The Catholic medical practitioner, family planning, and the Church

In a very personal Viewpoint article, William J LeMaire comments on the dilemma faced by many Catholic practitioners in the field of family planning: should they adhere to the teachings of their church or should they follow their own consciences? Following one’s individual conscience is one of the Catholic church’s teachings, yet such action will often conflict with its opposition to ‘artificial’ methods of family planning. In this context our Organisation Factfile on Catholics for Choice also demonstrates that the church seems to remain out of contact with the opinions of so many of its members. See pages 24 and 74

Introducing MVA in a NHS Sexual Health Service

Despite the known effectiveness and benefits of manual vacuum aspiration (MVA), providers in the UK have tended to offer standard suction termination of pregnancy under general anaesthesia to women who decline or who are too late for medical termination. In this comprehensive article, Pillai et al. report on the introduction of MVA with local anaesthesia into their NHS Sexual Health Service. They found that MVA was very suitable for their outpatient setting and that it was associated with very low levels of pain and bleeding, and an additional benefit was their ability to provide intrauterine contraception at the time of the procedure. The authors’ positive experience should encourage other providers to introduce this option. See page 27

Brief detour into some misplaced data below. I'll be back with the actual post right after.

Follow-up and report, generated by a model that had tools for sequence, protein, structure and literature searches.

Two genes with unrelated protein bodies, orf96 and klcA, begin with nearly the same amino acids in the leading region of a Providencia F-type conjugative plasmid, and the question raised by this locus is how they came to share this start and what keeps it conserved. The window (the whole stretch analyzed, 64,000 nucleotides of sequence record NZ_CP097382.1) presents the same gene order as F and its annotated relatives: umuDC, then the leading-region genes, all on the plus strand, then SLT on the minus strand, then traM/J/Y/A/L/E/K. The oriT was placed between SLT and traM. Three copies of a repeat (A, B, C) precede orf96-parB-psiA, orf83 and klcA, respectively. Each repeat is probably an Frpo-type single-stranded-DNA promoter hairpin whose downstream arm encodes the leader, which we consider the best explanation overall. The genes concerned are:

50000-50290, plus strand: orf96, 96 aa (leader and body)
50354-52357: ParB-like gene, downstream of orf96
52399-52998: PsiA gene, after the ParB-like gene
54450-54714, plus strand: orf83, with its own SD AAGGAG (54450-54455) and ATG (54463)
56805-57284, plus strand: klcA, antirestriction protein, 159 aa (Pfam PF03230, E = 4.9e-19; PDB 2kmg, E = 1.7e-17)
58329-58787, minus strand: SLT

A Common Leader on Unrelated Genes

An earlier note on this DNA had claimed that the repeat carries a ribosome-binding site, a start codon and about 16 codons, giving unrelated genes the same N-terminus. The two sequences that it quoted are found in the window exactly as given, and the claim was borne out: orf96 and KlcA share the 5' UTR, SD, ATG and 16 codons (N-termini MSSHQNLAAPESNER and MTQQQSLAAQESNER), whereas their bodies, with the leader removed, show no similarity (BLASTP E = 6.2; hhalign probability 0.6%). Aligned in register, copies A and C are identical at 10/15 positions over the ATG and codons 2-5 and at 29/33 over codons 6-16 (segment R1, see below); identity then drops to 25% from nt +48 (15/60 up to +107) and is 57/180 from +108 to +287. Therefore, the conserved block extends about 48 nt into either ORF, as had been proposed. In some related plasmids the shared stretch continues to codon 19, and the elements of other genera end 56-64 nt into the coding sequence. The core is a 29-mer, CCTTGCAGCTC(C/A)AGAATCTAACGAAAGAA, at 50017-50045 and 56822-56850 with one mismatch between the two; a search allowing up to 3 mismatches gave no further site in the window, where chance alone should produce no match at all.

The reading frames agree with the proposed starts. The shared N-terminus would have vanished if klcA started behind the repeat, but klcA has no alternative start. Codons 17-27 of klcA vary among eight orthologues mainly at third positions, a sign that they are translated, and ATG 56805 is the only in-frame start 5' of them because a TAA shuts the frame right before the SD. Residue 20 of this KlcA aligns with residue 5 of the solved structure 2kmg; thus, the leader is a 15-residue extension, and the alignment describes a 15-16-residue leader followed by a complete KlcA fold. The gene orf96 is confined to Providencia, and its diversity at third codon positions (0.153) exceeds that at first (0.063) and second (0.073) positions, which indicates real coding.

Improving the uptake of emergency contraception: gender does matter

The usual approach to increase the uptake of emergency contraception (EC) and to reduce the number of unintended pregnancies is to target women. But in this study, Schrager et al. challenge the assumption that men play little part in women's use of EC. While both sexes had significant knowledge gaps that could affect EC use rates, the gaps in the young male respondents’ knowledge were, perhaps not surprisingly, significantly greater. Since accurate knowledge about EC and its use is associated with future willingness to use it, the authors suggest that routine visits to healthcare providers could be used as an opportunity to educate men about EC. See page 33

Attitudes towards cervical screening and HPV testing among London Hindu women